Agent (grammar)

Not to be confused with Agent noun.

In linguistics, a grammatical agent is a thematic relation that refers to the cause or initiator of an event.[1] The agent is a semantic concept distinct from the subject of a sentence. While the subject is determined syntactically, primarily through word order, the agent is determined through its relationship to the action expressed by the verb. The word comes from the present participle agens, agentis ("the one doing") of the Latin verb agere, to "do" or "make".


Typically, the situation is denoted by a sentence, the action by a verb in the sentence, and the agent by a noun phrase.

For example, in the sentence "Jack kicked the ball", Jack is the agent and "the ball" is the patient. In certain languages, the agent is declined or otherwise marked to indicate its grammatical role. In Japanese, for instance, the agentive case is marked with the case particle ga (が), while the nominative case, also called "bare case" or hadaka-kaku (ハダカ格), is marked with no case particle.[2] Modern English does not mark the agentive grammatical role of a noun in a sentence. Although certain nouns do have a permanent trait of agency (agent noun: runner, kicker, etc.), an agent noun is not necessarily an agent of a sentence: "Jack kicked the runner".

The notion of agency is easy to grasp intuitively but notoriously difficult to define: typical qualities that a grammatical agent often has are that it has volition, is sentient or perceives, causes a change of state, or moves. The linguist David Dowty included these qualities in his definition of a Proto-Agent, and proposed that the nominal with the most elements of the Proto-Agent and the fewest elements of the Proto-Patient tends to be treated as the agent in a sentence.[3] This solves problems that most semanticists have with deciding on the number and quality of thematic roles. For example, in the sentence His energy surprised everyone, His energy is the agent, even though it does not have most of the typical agent-like qualities such as perception, movement, or volition. Even Dowty's solution fails for verbs expressing relationships in time:

(1) April precedes May. vs: (2) May follows April.

Here what is agent and what is patient must be specified for each individual verb.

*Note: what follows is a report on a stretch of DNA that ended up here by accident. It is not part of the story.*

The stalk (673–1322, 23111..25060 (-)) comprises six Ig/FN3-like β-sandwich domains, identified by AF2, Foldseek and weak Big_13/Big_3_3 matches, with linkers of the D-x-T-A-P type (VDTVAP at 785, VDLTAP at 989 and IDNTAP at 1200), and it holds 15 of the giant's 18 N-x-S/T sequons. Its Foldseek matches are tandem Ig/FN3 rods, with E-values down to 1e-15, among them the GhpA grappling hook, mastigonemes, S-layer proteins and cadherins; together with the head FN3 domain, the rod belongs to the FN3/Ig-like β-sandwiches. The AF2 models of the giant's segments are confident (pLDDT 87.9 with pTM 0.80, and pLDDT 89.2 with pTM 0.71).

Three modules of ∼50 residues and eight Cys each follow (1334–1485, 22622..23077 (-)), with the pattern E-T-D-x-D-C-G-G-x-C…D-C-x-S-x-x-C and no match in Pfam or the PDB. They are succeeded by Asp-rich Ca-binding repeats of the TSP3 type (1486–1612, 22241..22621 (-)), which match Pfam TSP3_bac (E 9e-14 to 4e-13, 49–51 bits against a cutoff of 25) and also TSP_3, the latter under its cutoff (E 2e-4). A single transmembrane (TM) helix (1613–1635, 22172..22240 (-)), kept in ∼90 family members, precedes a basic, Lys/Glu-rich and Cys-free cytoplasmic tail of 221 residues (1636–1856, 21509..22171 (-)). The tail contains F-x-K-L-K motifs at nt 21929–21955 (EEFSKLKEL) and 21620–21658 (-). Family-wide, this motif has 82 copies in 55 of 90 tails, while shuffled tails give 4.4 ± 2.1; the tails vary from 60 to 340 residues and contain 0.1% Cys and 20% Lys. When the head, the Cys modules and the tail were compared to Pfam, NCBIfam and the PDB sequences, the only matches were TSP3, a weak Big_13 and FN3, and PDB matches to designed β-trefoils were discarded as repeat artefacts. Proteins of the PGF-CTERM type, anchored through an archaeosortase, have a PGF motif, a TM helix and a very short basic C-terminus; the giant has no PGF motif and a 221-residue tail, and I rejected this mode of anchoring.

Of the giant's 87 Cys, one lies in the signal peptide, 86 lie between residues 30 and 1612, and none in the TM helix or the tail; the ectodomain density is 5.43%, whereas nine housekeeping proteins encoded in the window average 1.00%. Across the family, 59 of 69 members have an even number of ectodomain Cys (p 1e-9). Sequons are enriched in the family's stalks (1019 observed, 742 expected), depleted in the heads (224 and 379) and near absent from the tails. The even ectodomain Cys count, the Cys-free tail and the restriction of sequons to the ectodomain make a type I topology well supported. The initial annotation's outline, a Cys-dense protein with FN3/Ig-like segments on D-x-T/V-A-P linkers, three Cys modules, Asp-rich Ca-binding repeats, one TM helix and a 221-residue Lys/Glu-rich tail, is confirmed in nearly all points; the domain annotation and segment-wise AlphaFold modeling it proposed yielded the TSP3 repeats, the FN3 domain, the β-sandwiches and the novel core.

The grammatical agent is often confused with the subject, but these two notions are quite distinct: the former is based explicitly on its relationship to the action or event expressed by the verb, whereas the latter is based on the flow of information, word order, and importance to the sentence. In a sentence such as "The boy kicked the ball", "the boy" is the agent and the subject. However, when the sentence is rendered in the passive voice, "The ball was kicked by the boy", "the ball" is the grammatical subject, but "the boy" is still the agent. Many sentences in English and other Indo-European languages have the agent as subject.

The use of some transitive verbs denoting strictly reciprocal events may involve a conflation of agent and subject. In the sentence "John met Sylvia", for example, though both "John" and "Sylvia" would equally meet Dowty's definition of a Proto-Agent, the co-agent "Sylvia" is downgraded to patient because it is the direct object of the sentence.[4]

See also


  1. Kroeger, Paul (2005). Analyzing Grammar: An Introduction. Cambridge: Cambridge University Press. p. 54. ISBN 978-0-521-01653-7.
  2. Takahashi, Tarou; et al. (2010). A Japanese Grammar (in Japanese) (4 ed.). Japan: Hitsuji Shobou. p. 27. ISBN 978-4-89476-244-2.
  3. Dowty, David. 1991. "Thematic proto-roles and argument selection", Language, 67.3:547-619
  4. Givóm, Tom. 2001. Syntax: An Introduction. Volume 1. John Benjamins Publishing Company. p. 131.

External links

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